Indian crested porcupine (Hystrix indica) is a member of the family of Old World porcupines (Hystricidae). Its body is covered with multiple layers of quills, which serve for warning and attack if animal is threatened. However, the literature data on injuries caused by Indian crested porcupine are absent. We describe pathomorphological lesions in an Indian crested porcupine from the Ljubljana Zoo, which died after a fight with a younger male that caused a perforative quill injury of the thoracic wall, followed by septicaemia. Macroscopic, microscopic and bacteriological findings were detailed.
The term oronasal fistula refers to an acquired communication between the oral and nasal cavities, and can result from several conditions. However, oronasal fistula formation has not yet been described to be associated with bacterial infections. We have described in this case report for the first time a rapidly forming oronasal fistula and severe lingual lesions in a dog, involving an infection with Streptococcus canis. The patient was a 9-year-old male intact Golden Retriever with a nonspecific history of depression, mild pyrexia, anorexia and retching lasting for two days. Within four days he developed an extensive oronasal fistula, several pseudomembranous erosions, ulcerations and necrotic areas of the tongue and bronchopneumonia. Histopathology of the tongue revealed severe multifocal necrotizing and suppurative subchronic inflammation. Streptococcus canis, Pasteurella multocida, and Staphylococcus pseudintermedius were isolated from the bronchoalveolar lavage and the oronasal fistula. Despite the treatment, the dog developed necrotizing fasciitis and the owners elected euthanasia.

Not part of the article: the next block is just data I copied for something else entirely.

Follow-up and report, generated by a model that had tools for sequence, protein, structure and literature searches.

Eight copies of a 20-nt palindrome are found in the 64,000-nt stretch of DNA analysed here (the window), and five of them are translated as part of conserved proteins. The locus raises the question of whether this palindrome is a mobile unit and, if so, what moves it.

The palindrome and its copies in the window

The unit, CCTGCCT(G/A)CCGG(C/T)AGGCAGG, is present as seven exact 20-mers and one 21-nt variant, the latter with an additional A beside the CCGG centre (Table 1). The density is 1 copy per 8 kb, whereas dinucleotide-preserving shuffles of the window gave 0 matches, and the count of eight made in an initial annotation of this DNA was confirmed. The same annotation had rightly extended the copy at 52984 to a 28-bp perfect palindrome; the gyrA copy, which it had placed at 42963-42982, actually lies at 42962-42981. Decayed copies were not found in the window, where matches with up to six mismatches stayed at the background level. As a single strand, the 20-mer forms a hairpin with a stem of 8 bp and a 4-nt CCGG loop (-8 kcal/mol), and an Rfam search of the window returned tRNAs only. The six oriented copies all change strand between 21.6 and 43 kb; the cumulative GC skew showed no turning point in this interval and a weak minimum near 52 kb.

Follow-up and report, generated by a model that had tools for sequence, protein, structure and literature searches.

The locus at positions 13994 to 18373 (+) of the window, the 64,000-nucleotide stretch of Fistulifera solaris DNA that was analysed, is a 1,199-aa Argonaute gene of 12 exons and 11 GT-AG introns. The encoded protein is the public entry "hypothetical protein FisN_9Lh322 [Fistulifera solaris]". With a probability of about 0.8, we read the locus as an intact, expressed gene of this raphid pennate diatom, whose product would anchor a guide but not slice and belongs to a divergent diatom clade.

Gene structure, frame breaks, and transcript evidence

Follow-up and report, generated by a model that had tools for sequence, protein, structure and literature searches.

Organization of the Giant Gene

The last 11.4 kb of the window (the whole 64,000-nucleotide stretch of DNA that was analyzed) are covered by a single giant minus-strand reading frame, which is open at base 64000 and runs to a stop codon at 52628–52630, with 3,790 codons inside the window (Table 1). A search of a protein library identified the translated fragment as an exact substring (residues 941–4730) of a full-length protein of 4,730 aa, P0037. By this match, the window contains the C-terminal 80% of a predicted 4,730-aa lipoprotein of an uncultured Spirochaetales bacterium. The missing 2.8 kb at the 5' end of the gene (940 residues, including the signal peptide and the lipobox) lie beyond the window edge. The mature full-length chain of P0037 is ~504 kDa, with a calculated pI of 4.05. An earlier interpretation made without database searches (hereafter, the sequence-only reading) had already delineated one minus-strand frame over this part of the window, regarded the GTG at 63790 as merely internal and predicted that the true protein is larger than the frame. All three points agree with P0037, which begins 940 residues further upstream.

According to the existing literature, a heterogeneous sequence type (ST) or clones of community-associated methicillin-resistant Staphylococcus aureus (CA-MRSA) circulate in Europe. In Europe, the European clone that belongs to sequence type ST80 is predominant.
The aim of the study was to investigate the phenotypic and genotypic characteristics and epidemiological data of CA-MRSA ST80 and its occurrence in Slovenia. We retrospectively analyzed those CA-MRSA isolates that were isolated during microbiological procedures in microbiological laboratories between 2006 and 2013. Only CA-MRSA isolates from the national collection of CA-MRSA strains that belonged to ST80 (European clone) were analyzed. We determined the Pantone-Valentine leukocidin (PVL), mec A genes, exfoliative toxin genes and type of staphylococcal cassette chromosome (SCCmec) by polymerase chain reaction (PCR). We determined also spa type and sequence type.
ST80 was confirmed in only 2 (0.5%) out of 385 CA-MRSA isolates, collected in a national collection of CAMRSA. Both isolates were positive for the PVL genes, mec A gene, exfoliative toxin type D gene and SCCmec IV. One CA-MRSA isolate was confirmed in a wound swab taken from a 47-year-old male, and the second was isolated from blood cultures of a 69-year-old female. No epidemiological connections between them were found.
In Slovenia CA-MRSA infections caused by ST80 are rare. In the future, it is necessary that a surveillance study of CA-MRSA at the national level continues and CA-MRSA be considered as a public health threat.